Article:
Lost Wax Casting

The handle is removed and the bottoms of the cups are opened to allow the wax a way out, then the art is placed into the kiln which is powered by natural gas.  The hand crafted kiln has three floors to save the wax that is melted out of the art.  The first floor, the hearth, is made of sloping channeled stone which allows the wax to drain.  The hearth, the very bottom of the kiln is sloped to the center where a three inch hole allows the wax to flow into the catch pan.  We collect the wax and recycle it to the beginning of the process.  When the shell starts in the kiln it is fired to 1600 degrees.  It bonds the ceramic sand and slurry material into a solid that is close to becoming glass.  It takes 45 minutes to get the wax out completely.  Then it will fire for another two hours. The shell is at its strongest point when it is 1600 degrees.  At 1800 degrees it is pushed past its point of strength and is now closer to glass then ceramic.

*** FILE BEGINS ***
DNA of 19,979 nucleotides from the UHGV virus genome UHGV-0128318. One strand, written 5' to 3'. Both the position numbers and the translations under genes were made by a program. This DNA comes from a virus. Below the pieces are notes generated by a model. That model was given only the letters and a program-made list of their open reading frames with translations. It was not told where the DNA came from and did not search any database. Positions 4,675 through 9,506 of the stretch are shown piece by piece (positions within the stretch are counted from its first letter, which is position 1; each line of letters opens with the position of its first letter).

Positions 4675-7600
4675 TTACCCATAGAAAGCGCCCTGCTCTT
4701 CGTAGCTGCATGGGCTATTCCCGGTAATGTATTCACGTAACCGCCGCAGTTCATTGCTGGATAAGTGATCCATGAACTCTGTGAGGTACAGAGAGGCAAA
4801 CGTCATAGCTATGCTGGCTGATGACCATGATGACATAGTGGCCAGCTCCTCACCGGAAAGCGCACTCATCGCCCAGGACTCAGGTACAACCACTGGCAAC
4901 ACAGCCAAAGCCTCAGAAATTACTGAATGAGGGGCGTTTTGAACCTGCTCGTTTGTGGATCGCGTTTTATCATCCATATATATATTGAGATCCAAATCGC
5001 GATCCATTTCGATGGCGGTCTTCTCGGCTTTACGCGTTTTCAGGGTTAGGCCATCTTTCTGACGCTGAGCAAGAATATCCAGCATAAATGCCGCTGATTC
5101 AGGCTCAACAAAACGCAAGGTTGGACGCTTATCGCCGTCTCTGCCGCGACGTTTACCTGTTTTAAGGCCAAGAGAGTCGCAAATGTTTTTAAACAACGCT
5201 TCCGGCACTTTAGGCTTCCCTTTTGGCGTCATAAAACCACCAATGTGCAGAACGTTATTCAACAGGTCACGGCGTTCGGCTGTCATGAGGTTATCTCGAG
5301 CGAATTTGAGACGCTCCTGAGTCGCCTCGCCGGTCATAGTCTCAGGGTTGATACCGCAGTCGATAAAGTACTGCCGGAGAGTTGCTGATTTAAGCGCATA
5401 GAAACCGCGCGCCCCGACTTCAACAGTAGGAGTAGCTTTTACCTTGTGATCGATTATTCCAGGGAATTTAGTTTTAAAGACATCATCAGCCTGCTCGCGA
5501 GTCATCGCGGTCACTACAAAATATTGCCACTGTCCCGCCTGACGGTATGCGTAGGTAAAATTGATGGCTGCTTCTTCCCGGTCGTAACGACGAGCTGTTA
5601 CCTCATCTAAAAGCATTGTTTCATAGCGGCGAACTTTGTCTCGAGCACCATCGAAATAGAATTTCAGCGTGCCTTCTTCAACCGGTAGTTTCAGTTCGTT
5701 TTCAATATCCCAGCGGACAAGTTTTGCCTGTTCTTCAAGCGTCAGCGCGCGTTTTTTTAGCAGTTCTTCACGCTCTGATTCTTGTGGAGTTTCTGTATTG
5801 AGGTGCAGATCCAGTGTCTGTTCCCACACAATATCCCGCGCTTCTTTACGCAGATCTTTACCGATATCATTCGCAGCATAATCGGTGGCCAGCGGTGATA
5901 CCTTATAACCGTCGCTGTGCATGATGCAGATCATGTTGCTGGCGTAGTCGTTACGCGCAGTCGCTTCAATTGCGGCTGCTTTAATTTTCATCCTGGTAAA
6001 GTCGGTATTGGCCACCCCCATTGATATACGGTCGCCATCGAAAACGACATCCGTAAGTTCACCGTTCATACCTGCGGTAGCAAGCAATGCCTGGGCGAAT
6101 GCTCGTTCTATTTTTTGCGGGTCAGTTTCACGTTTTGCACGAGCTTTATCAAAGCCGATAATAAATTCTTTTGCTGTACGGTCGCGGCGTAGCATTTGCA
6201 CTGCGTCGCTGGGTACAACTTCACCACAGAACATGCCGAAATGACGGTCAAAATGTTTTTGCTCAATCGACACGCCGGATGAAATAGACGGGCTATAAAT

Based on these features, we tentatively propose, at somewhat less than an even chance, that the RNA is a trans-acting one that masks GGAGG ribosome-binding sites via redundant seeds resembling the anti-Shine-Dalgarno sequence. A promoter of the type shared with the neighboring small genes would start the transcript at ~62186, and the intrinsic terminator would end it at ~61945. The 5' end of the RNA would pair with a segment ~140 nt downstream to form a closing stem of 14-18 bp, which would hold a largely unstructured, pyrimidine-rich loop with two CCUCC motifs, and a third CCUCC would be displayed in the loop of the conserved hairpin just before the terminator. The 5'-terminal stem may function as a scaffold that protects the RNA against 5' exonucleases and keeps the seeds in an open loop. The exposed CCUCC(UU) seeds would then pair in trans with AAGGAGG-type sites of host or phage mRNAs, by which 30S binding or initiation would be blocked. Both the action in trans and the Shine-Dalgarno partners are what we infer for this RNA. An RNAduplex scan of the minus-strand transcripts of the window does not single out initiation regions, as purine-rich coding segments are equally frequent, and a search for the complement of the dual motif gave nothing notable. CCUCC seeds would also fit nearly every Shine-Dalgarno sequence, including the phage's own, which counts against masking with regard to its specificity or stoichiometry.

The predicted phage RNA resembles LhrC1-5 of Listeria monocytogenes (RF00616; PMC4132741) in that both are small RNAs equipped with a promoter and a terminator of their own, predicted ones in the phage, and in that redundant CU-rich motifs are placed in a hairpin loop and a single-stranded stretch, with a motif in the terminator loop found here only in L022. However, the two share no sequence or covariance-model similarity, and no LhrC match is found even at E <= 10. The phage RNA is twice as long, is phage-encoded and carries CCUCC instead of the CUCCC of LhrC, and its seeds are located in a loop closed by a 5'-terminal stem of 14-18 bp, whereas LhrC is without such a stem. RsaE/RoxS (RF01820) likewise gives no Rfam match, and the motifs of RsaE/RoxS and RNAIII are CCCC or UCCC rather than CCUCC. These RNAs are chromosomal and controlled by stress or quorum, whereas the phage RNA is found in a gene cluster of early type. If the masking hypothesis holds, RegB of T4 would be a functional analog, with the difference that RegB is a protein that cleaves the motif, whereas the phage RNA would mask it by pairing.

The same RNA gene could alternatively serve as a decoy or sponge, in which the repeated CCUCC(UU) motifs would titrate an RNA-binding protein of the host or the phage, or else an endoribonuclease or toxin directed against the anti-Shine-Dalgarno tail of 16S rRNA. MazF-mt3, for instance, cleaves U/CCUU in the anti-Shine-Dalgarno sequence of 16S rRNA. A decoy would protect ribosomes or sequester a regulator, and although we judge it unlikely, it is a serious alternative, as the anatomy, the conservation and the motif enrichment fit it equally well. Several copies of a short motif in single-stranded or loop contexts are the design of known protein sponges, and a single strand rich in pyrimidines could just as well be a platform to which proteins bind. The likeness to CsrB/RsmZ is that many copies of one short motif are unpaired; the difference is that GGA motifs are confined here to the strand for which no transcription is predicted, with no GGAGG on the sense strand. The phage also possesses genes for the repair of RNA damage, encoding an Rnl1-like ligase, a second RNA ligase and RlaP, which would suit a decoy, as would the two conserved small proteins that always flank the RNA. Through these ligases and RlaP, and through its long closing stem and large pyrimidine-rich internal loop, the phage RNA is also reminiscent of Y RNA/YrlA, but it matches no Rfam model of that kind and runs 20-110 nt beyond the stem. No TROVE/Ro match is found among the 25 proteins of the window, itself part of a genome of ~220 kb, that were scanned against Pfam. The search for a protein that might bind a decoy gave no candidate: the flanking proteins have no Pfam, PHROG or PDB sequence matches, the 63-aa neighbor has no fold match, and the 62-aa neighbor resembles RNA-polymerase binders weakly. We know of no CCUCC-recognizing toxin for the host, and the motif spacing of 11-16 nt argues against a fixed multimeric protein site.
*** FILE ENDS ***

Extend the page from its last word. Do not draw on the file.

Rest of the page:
Once the de-waxed shells come out of the kiln they will be left to cool. Then our staff will be able to fill the shells with water to check for stress cracks and rinse any carbon out.  The stress cracks come from the wax expanding before the shell is at its strongest point.  Then the shell cracks will be filled, applying a brick mortar for strength.  This is the safety net if we were to break the shell or have bronze leak out.  We would have to start all over again with the mold and wax pouring, so this is the last chance to fix possible problems to obtain a perfect casting.